A daily summary and commentary of events and factors that affect the global markets, with a particular emphasis on the foreign exchange markets.
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Andrew Kositkun Foreign Exchange Head Trader
Last Friday, markets were rattled by reports that the US is considering capital market restrictions on US investments into China. But, that was last week. For today, European and US equities are up in part due to the US Administration issuing a partial denial to the reports; the White House said that there are no current plans to limit financial market access but did not rule these steps out. In the end, this last episode provided yet another example of the volatile nature of US trade policy. Regarding the uncertainty of trade policy, it is also important to remember that US trade tensions extend beyond just China.
Last week also brought news that the US is preparing to impose tariffs on the EU after the US won its WTO Airbus dispute. While the origin of these tariffs is different from most of the other tariff actions Trump has undertaken, there are still some notable market signals from the US’s recent action.
Notably, the US’s Airbus dispute wasn’t resolved through negotiations to avoid tariffs. The EU currently has its own illegal subsidy case against Boeing, for which a final WTO decision is due in 6 months. Tariffs could have been avoided by negotiating a comprehensive global framework for subsidies that addresses both the US’s and the EU’s claims. Instead, the US’s actions support the narrative for a confrontational approach not only because it chose the tariff route but also because it has threatened the use of carousel tariffs to maximize damage.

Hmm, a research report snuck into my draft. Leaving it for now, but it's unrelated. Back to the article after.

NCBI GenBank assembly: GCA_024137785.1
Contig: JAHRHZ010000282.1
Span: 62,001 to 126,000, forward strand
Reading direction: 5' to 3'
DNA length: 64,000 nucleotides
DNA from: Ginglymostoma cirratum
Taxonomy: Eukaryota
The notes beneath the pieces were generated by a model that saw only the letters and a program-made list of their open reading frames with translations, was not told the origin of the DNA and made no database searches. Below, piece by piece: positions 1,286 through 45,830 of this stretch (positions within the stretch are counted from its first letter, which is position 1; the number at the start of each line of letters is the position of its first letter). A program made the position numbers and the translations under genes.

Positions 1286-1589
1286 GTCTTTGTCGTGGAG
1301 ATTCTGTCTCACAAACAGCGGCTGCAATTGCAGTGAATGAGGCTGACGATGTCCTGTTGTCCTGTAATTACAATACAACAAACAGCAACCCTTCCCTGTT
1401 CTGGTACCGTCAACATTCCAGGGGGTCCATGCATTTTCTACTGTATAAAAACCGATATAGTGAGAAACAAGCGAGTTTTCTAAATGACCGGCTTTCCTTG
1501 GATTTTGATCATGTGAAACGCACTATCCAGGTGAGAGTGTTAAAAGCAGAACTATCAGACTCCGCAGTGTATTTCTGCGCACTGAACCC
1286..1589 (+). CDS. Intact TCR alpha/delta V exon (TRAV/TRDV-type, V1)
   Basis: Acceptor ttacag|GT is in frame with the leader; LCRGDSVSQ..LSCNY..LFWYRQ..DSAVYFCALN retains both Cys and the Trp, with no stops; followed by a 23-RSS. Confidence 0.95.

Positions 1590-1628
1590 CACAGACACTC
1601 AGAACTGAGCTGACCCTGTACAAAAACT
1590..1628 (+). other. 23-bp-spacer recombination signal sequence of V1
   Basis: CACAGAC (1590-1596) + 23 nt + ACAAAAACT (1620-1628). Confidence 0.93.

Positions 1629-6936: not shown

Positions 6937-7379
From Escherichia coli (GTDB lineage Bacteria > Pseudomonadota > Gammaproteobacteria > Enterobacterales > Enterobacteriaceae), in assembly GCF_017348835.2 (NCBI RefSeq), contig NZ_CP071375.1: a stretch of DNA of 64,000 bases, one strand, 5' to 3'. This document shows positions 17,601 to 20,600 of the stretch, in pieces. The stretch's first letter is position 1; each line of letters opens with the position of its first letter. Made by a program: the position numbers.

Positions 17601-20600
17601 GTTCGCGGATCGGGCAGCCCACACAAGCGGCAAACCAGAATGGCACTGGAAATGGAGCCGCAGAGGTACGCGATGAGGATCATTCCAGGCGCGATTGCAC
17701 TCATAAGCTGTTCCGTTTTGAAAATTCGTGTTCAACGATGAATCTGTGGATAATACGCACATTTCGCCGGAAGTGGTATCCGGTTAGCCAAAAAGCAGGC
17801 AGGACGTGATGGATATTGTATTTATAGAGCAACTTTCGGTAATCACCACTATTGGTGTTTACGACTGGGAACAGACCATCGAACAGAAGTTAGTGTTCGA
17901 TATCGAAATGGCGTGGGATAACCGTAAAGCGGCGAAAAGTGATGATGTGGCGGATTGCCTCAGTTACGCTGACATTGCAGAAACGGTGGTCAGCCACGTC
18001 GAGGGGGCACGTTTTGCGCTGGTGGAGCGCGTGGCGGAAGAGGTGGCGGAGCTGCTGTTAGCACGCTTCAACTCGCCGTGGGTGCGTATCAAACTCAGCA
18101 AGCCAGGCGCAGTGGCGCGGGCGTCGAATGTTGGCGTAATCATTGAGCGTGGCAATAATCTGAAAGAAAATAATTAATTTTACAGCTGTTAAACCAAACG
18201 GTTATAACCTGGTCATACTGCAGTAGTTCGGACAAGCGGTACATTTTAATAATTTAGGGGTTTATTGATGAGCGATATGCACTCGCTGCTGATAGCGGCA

As a result, the EU is not only expected to retaliate when its own ruling comes through, but the EU is also considering a tit-for-tat retaliation by reopening a 22-year old dispute with the US. Should this be done, it is reasonable to think the US would respond, setting off a tit-for-tat cycle.
The point being, the US’s planned imposition of Airbus tariffs will merit monitoring as an escalation here likely has negative read-through effects on other US-EU negotiations. Keep in mind that the waiver on EU auto tariffs expires in mid-November. Should the US move to tariff European autos, it would have a much more significant impact on the EU and world economy.
HERE ARE THE KEY NEWS STORIES FROM OVERNIGHT:
Expect Chinese yuan liquidity to be thin as China heads into its National Day/Golden Week holiday tomorrow. While the yuan ultimately finished the overnight session weaker, it was initially helped by a stronger-than-expected fix as well as better than expected PMI data.
In the UK, the final Q2 GDP number confirmed that the economy contracted by 0.2%. In related news, the Lloyds Business Barometer showed that business confidence is at its lowest levels since after the 2016 referendum. Confidence was lowest in Scotland, Northern Ireland and London.
The NZD is weaker on the session after a disappointing business confidence and activity outlook survey results were announced.
The Reserve Bank of Australia meets tonight for its next rate decision. The markets are currently assigning a ~79% chance of a rate cut. Ultimately it is more of a question of when, not if, the central bank will cut rates again this year.
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